Lei Zhang, Global Vice President, Digital Cockpit and Software Development, NIO
Lei Zhang leads the global Digital Cockpit team for Nio in Silicon Valley. The team is responsible for the single, highly capable domain controller and the holistic digital experienceit enables in its products. Lei has over ten years of experience in the technology industry and specializes in Android, embedded Linux, automotive IVI, mobile applications, and web services. Previously, Lei was VP, Software and Chief Architect at Huami Corp. and Tech Lead Manager at Google. He holds a Master's degree in Computer Engineering from Peking University.
Many automotive industry observers are debating how onboard digital assistants' advances can enable future innovations for electric vehicles, and eventually,for autonomous cars. This debate is helping us define what a "smart car" will be for its users.
Current consumer devices such as Siri by Apple, Amazon Alexa, and Google Home provide convenient services for consumers to manage their home networks, interact with entertainment systems, oversee security, and reduce energy consumption around the house. However, our behaviors in the car arevery different from those in the household. Drivers engage inhigh-speed travel with a need for rapid decisions about navigation routes, charging and maintenance requirements, and extensive safety protections.
As autonomous cars are transformed into mobile living spaces,we envision that digital assistants will evolve over time and understand users to help them better use the vehicles and services provided.
Through voice-activated conversations and machine learning, these assistants will eventually embody the vehicle itself and serve as a trusted companion for drivers and their families on the road.
As autonomous cars are transformed into mobile living spaces,we envision that digital assistants will evolve over time and understand users to help them better use the vehicles and services provided
We have already started on this path toward a more welcoming experience for drivers and passengers. NIO's onboard digital assistant called NOMI lights up the car exterior when its computer vision system recognizes people approaching it. NOMI also automatically adjusts the cabin airflow vents, seating positions, and mirror settings based on each user's unique preferences.
NOMI can light up the darkened dashboard touchscreen in another new feature when it anticipates someone is trying to talk to her. Over time, we will refine NOMI's machine learning algorithms to improve each user's driving experience by further anticipating their desires and actions. Again, we perceive NOMI to be the embodiment of the car, and when the user is talking to NOMI, he or she is talking directly to the car.
Today, some OEM’s offer a voice-recognition interface in its electric cars, but it is designed more as a passive interaction for drivers to input their destinations or play certain songs. We believe this function must go further to become the user's active companion in the digital cockpit. Other competitors in China recognize this will be the future for all auto manufacturers.
Yet NOMI is not only a digital voice assistant – it is a smart companion that can understand the user's patterns within the mobile living space. This breakthrough is based on complex artificial intelligence technologies that learn to anticipate what a user wants over time while enhancing the user's sense of control, comfort, and security. Some are working aggressively to deliver voice interactions that enable natural conversations between the user and the car's voice assistant, much like NOMI.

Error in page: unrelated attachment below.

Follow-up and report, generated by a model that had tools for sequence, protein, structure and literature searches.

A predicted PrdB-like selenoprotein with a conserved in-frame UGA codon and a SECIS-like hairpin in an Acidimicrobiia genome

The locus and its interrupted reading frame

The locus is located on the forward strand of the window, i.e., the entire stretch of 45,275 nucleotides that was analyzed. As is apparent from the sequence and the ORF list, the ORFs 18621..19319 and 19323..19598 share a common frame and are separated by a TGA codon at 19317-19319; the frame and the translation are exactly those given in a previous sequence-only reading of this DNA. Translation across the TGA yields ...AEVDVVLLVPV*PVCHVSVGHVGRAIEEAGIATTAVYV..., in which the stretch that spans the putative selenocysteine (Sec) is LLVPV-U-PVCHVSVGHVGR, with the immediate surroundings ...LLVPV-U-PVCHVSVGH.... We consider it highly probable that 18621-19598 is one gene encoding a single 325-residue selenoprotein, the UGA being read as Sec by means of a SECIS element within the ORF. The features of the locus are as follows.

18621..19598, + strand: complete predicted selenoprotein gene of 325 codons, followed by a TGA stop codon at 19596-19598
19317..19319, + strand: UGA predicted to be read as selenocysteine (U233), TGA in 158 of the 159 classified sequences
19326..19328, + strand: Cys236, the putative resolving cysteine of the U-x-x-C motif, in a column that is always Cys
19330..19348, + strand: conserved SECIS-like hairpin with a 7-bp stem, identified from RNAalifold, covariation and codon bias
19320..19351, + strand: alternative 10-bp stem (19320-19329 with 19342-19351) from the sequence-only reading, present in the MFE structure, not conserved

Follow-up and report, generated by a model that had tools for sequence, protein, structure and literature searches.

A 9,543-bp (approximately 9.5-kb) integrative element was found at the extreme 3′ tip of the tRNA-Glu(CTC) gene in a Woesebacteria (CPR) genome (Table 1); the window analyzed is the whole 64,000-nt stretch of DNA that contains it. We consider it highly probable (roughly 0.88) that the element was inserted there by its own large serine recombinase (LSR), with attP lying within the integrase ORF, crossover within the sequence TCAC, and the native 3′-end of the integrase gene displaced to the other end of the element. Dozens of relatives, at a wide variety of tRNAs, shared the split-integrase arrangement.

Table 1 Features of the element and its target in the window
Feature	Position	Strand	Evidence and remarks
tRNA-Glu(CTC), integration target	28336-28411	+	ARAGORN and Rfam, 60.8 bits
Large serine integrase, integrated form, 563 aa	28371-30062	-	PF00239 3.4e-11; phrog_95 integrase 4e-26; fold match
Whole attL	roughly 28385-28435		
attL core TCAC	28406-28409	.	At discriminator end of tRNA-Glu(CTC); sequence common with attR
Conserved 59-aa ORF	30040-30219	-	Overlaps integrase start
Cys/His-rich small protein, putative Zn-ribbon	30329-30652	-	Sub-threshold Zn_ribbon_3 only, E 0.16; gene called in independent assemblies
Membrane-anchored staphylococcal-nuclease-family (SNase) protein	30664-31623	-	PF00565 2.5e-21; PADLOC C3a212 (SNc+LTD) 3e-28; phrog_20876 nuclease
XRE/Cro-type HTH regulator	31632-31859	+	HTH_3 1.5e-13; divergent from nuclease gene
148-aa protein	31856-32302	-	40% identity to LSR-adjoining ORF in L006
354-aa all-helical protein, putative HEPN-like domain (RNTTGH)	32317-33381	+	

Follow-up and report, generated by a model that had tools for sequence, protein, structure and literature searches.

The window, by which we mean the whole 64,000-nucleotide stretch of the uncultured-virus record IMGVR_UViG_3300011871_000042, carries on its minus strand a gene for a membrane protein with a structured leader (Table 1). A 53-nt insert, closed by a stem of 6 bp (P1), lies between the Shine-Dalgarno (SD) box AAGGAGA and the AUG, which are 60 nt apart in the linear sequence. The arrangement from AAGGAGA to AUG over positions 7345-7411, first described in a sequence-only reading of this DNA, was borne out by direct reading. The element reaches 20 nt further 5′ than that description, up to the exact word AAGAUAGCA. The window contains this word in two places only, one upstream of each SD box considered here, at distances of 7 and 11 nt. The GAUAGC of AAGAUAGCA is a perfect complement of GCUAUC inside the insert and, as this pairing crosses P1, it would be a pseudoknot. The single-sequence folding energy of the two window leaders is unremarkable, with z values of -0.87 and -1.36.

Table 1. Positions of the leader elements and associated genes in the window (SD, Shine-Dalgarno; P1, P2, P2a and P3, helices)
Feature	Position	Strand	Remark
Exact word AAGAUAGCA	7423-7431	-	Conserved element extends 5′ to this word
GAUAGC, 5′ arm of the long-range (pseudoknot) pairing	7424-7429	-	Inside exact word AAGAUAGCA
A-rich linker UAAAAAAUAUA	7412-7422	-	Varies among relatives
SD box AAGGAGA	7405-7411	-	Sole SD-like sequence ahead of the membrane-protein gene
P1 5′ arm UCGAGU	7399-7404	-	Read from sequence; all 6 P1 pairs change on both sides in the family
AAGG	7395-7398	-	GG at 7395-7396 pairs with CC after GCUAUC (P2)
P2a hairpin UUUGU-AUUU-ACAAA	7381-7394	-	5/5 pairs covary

Building the Digital Companion
Today, NIO is integrating NOMI with arrays of interior cameras and sensors such that she can understand what a user is saying and perceive the user's location in the car – whether in the driver's seat or passenger seat backseat. Furthermore, NOMI has been designed to only respond to the specific person who initiated the conversation, in what we call the multi-modal "audio zone." These audio zone conversations are isolated to only occur between NOMI and the user who initiated the conversation. The voice engine is smart enough not to be interrupted or confused by other passengers speaking in the background or by an infant crying in the baby seat.
NOMI will instantly know who the user is based on facial ID and image recognition technologies that can detect someone's identity and even what kind of mood or emotion they feel through sentiment recognition tools. For example, NOMI's cameras could recognize if the user is tired after a long day at work. So, in addition to coordinating essential functions such as navigating the carback home, NOMI might also play some relaxing music and initiate a casual, cheerful conversation with the user, perhaps even sharing some corny personalized jokes to lighten the mood.
Of course, NOMI will recognize whether it is speaking with an adult or a child andtailor its responses accordingly to be understandable to different audiences. For example, NOMI might become a storyteller to engage abored kid's attention or serve up some educational games on the backseat touchscreen. We have taken this concept of the "digital nanny"even further to protect children or pets from being accidentally left alone in the car on a hot day. In such cases, NOMI will send an immediate alert to the user and even activate the air conditioning or lower windows to keep loved ones cool and safe until the owner can return.
The onboard digital assistant will evolve to become much more than a convenience that enables voice commands. Eventually, the onboard companion will serve as an essential intelligence that drivers depend upon to meet their heightened expectationsin the coming era of autonomous driving.